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First ride this year.

danno

Well Known and Active Website User
VOC Member
Hi Danno, While testing dampers for the modified steering stem I found Koni's to be the worst for soaking up small bumps and rough road, ok for big bumps and potholes, but rigid on the small stuff, as TT says change to a strutted rear end , I have just done this, I had fitted an AVO coil over and was disappointed with the result, then I realised more rear suspension travel meant more whacks on the backside, so calculated how long a pair of struts would need to be and knocked up a pair just to try, all I can say is BLISS
I immediately made a proper pair and would never go back to the standard C set up.View attachment 36661

Just looking at my standard suspension on the Rapide, the seat supports (not sure what the taps do) connect to the rear frame diagonal tube.
The seat then rises up with the whole back half of the bike and pivots on the front
brackets. I can see why it’s not very comfortable as you’re getting every jolt
from the rear frame.
Just to clarify, the struts in the pic are connected to the rear foot peg brackets so then the seat doesn’t move, like a conventional setup.
There are a couple of holes already in those plates on the Rap but the struts I think would obstruct the footrest when in the up position.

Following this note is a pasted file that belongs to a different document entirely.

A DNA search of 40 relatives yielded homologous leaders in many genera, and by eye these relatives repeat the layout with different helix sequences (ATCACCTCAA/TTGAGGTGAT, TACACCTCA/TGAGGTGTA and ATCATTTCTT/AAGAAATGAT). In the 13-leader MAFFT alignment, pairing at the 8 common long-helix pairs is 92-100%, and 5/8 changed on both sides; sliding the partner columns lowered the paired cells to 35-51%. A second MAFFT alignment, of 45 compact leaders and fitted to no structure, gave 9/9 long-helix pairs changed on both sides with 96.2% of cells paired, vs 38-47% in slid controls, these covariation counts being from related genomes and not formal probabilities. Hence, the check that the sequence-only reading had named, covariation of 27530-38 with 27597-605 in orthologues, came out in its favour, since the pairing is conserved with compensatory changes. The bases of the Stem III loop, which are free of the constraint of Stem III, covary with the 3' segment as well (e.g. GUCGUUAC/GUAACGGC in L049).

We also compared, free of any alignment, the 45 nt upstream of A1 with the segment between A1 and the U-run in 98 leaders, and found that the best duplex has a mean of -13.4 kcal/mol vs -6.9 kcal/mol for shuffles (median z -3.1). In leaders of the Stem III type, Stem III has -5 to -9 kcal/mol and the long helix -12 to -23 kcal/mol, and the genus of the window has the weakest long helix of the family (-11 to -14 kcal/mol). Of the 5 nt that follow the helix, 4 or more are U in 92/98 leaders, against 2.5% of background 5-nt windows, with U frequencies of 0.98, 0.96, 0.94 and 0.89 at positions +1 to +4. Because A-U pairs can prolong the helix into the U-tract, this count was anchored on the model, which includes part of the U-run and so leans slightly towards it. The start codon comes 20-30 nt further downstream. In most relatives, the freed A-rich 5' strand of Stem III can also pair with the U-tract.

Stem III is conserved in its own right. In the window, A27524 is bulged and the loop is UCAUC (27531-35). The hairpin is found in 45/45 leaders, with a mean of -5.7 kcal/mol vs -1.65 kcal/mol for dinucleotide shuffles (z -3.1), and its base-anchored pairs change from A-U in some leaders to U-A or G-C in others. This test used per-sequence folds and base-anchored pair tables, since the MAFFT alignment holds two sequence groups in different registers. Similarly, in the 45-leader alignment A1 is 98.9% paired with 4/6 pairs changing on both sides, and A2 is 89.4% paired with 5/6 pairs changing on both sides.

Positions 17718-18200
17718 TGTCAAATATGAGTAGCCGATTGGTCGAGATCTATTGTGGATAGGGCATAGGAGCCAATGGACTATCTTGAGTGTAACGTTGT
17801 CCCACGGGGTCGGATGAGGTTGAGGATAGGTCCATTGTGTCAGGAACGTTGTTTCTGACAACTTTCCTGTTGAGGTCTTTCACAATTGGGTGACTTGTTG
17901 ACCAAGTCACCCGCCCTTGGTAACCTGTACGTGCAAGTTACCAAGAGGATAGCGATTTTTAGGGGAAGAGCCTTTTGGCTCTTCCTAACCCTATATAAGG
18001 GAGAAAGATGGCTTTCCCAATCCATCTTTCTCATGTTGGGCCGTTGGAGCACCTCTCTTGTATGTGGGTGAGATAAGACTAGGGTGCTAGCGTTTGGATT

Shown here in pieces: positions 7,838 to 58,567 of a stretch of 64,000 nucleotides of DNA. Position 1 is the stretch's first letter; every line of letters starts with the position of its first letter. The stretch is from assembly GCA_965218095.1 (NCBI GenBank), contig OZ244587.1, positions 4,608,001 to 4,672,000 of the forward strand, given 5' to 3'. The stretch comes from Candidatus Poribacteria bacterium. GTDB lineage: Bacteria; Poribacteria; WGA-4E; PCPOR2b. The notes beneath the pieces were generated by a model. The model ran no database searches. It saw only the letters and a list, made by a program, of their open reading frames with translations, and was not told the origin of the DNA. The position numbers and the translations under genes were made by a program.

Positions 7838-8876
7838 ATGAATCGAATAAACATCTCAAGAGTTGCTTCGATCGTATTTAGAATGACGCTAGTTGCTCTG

Bill Thomas

Well Known and Active Website User
VOC Member
Pop over and see Comet rider, You will learn more over a Cup of Tea than bits and bobs on here.
Does yours have a centre stand, Because with one , Like Kerry's, The suspension hangs down.
Makes the springs look longer ?, Although He could have the long ones ?.
Taps ?? Do you mean Damper knobs ?, We had a bit on here a few weeks ago, And with the "C",
We have an Hydraulic Damper between the rear springs, So don't really need the suspension to be damped by
tightening the knobs, In fact I said I had oiled mine to make it more free, Following what Vincent Brake told us a few weeks ago.
If you want to fit struts, You could move the rear footrests forward a hole, Maybe drill another hole and
Put the strut on the very rear hole.
What we are doing is copying the "D" Suspension, have a look at how they work.
There struts go more forward to the main rear suspension pivot.
 

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Chris Launders

Well Known and Active Website User
VOC Member
Hi Danno, mine has three holes in the footrest plate, but they are not originals, the footrest is in the back two and the struts in the front one, the footrest are also mounted out on 3/4" spacer blocks (these were already on when I got it) and the footrest is about 1/4" away in the up position, so yes I would say they would foul them without the spacer blocks.
 

timetraveller

Well Known and Active Website User
VOC Member
A lot of rear footrest plates have three holes at the top rear to allow for positioning the foot rests to allow maximum passenger comfort. If you have those then you can use the two most forward holes for the foot rests and the most rearward hole for the seat supports. Like a lot of Vincent design there are subtleties in the design which means that there is a further adjustment. The crank on which the footrest rubber sits has an offset which means that a further adjustment is possible. If the two cranks are orientated in such a way that the foot rests are rearward then moving the two footrest assemblies left to right and vice versa means that the two footrest rubbers will now be be moved forwards and might well clear any seat supports which are installed.
 

Colin

Well Known and Active Website User
VOC Member